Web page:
Chilliwack and B.C. no stranger to mudslide risk

Landslides and land instability profile the Chilliwack region with the potential for dire consequences.

The fatal mudslide in Snohomish County, Washington, came without warning and took no more than one minute to rip out homes and kill at least 24 people. At the time of writing, some 90 people remain unaccounted for.

The devastating slide has all but obliterated the tiny town of Oso, 88 kilometres north of Seattle. One geologist reported that the slide was over 1,300 metres wide and that in places debris was over 10 metres thick. Nearly 50 structures have been destroyed.

Horror has given way to despair as desperate survivors wait for word of missing loved ones while the grim tally mounts. They cling to hope, praying for miracles, as rescuers struggle through the quagmire of dangerously unstable mud pushed up into berms of clay and quicksand. Navigating over that terrain is both agonizingly slow and treacherous. Rescuers were helping rescuers to stay safe.

The cause for this tragedy has been excessive rains which saturated the land making it extremely unstable. A smaller slide happened in 2006 and a past report allegedly warned of the potential for catastrophic failure. When the slope let go, it released mud, rock, trees, and debris that blew down the hillside at a staggering 20 metres a second. Anyone in its path didn’t stand a chance.

Landslides are no stranger to people in B.C. In January 2005 a mudslide in North Vancouver destroyed two homes and killed a woman sleeping in her bed. In 2008 the Sea to Sky highway near Whistler was closed for five days after a massive rockslide almost took out a passenger bus. It happened again in 2011 when a rockslide near Lions Bay destroyed a vehicle and released rocks the size of cars down the slope.

In July 2010 an aging dam gave way near Oliver, releasing mud, water, trees and debris down the hillside and destroying five homes and several farms. A month later, a two-kilometre wide landslide in the Pemberton River Valley put one thousand residents on flood alert. In July 2012 four people died when a massive landslide destroyed several homes in the Kootenay community of Johnson’s Landing. And just two months ago, a rockslide on Highway 3 near Keremeos closed the route completely.

Landslides and land instability profile the Chilliwack region with the potential for dire consequences. In June 2011 a landslide east of Chilliwack roared across four lanes of the highway and onto the railway track. It slightly injured one woman whose car was rolled by the debris.

“There is a history of small landslides and debris flows in the Chilliwack River valley between Slesse Creek and the mouth of the valley,” said Dr. John Clague, Canada Research Chair in Natural Hazards Research, Simon Fraser University. “Although none has been fatal, a few have caused property damage. Property owners are exposed to a not well-documented risk from landslides and debris flows from the valley walls; these steep slopes are developed in glacial sediments. There is also the possibility that a landslide in these sediments could block or impede the flow of Chilliwack River, with downstream consequences.”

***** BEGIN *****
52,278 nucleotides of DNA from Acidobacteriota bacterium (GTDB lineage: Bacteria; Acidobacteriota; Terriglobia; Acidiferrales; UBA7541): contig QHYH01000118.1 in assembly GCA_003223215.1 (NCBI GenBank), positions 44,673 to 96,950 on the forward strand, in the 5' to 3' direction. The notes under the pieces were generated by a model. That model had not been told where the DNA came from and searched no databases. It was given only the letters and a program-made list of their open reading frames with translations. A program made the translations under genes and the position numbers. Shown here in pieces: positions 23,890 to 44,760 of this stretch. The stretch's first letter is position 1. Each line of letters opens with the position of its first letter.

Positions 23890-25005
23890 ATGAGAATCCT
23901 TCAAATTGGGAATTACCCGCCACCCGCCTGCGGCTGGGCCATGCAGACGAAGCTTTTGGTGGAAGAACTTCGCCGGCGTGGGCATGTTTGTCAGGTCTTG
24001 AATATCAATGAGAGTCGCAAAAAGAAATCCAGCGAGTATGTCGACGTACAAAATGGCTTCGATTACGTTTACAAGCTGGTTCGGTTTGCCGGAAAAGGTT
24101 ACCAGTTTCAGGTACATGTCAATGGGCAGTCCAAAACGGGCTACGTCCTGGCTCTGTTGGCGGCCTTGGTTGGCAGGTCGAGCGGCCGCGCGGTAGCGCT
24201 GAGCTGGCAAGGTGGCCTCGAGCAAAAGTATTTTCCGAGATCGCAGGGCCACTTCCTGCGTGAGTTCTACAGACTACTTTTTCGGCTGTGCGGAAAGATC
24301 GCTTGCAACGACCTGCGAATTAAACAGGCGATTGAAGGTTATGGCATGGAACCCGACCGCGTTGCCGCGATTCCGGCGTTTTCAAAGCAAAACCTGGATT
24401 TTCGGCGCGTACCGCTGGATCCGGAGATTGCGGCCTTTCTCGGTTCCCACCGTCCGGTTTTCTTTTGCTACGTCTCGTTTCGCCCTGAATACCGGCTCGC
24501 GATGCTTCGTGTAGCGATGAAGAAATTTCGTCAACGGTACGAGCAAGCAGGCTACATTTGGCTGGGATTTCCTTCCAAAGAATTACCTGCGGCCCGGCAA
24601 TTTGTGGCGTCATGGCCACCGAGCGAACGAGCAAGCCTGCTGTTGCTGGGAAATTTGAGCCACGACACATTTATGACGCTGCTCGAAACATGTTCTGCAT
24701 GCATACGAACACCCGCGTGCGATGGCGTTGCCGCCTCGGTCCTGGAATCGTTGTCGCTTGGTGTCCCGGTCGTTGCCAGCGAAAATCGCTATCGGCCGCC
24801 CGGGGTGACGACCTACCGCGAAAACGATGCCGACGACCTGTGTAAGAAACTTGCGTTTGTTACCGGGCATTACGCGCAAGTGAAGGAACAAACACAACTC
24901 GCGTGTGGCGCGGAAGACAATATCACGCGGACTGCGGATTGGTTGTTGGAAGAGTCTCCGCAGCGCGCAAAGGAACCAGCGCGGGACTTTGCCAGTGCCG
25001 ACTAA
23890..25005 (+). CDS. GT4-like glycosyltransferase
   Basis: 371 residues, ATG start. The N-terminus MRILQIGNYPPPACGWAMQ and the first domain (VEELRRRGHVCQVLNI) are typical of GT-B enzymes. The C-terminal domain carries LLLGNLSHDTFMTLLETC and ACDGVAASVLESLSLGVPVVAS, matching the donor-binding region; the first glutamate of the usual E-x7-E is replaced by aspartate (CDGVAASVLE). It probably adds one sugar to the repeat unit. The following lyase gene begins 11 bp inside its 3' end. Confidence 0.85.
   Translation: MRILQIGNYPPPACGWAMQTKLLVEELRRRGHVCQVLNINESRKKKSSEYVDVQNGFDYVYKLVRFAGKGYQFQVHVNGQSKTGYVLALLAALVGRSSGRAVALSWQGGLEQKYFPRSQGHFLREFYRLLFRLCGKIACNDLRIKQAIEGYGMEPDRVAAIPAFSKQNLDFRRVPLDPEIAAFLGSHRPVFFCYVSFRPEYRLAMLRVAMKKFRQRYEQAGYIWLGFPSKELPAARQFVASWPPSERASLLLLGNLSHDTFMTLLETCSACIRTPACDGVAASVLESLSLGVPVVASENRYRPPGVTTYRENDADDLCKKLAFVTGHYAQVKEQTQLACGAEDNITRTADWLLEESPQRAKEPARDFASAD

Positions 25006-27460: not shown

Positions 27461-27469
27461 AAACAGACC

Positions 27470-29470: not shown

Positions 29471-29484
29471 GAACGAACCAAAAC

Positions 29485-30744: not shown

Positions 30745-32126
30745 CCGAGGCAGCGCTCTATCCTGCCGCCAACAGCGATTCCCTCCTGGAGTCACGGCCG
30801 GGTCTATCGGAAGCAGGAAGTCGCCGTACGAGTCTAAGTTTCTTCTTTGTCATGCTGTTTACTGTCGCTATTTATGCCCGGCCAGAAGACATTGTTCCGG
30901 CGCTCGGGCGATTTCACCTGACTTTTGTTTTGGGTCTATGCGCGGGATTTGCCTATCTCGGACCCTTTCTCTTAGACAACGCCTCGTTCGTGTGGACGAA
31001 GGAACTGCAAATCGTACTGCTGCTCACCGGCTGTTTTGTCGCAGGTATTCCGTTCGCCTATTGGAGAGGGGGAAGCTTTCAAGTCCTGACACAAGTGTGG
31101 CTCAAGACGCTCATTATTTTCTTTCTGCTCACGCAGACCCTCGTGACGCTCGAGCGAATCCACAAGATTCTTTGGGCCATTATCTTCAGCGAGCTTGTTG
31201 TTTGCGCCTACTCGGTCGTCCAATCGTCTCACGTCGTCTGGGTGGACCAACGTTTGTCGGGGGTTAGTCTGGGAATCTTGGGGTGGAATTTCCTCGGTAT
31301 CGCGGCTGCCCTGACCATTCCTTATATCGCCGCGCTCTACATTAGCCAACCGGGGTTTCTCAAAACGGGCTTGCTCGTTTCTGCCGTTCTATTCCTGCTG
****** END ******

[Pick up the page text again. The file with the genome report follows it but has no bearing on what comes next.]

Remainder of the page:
Many slides are triggered by excessive rains that saturate and destabilize the ground but earthquakes, volcanoes, and extremes of alternate freezing and thawing are also triggers. In the Fraser Valley, as in western Washington, we’ve had an excessive amount of rain this month. As at March 25, Chilliwack had received 247 mm, well in excess of the March average of 176.l mm.

“Because the degree of risk (in the Chilliwack valley) is ill-defined, and in light of the landslide at Oso, Washington, it is my opinion that the Fraser Valley Regional District should commission a geotechnical study to evaluate the hazard,” said Clague.

Just Posted

Opioids, meth, firearms seized at known Chilliwack drug house

Home on Broadway Street raided on Feb. 15 where homicide occurred Jan. 31

GW Graham basketball girls savour Fraser Valley championship

It’s been a long wait for the Grizzlies, who lost the FV title game the last two seasons.

Chilliwack Curling Club holding open house

If you’ve ever wanted to try the sport, the club invites you to take the plunge this weekend.

Chilliwack MLA John Martin says NDP budget will hurt business, punish taxpayers

‘Family-owned businesses will struggle to respond to this’

Chilliwack-Kent MLA decries ‘classic, big tax-and-spend’ NDP budget

Laurie Throness says budget relies on strong economy but contains no ideas to help it grow

VIDEO: Top 10 B.C. budget highlights

The NDP is focusing on childcare, affordable housing and speeding up the elimination of MSP premiums

Team USA beats Canada 3-2 on the shootout to take home Olympic gold

Americans win their first gold medal since 1998

Two Haida men detained for crossing U.S.-Canada border

Edenshaw and Frisby travelled from Alaska to Prince Rupert for the All Native Basketball Tournament

Alberta takes out full-page ads in B.C. over strained relationship

It’s the latest move between the two provinces over progress on Trans Mountain pipeline expansion

B.C. teacher suspended over allegedly using N-word in worksheets

Trafalgar Elementary teacher under investigation by Vancouver School Board

Toddler swept away in Ontario floods

Toddler missing as flooding forces thousands from their homes in Ontario

BC BUDGET: New money helps seniors’ care shortage

Job stability for care aides key to recruitment, union leader says

Mixed messages on B.C.’s efforts to cool hot housing market

Economist says undersupply of homes in Metro Vancouver, Victoria and Kelowna will keep prices high

Foot found near Victoria belonged to missing Washington man

Coroner says no foul play suspected in death of 79-year-old Stanley Okumoto

Most Read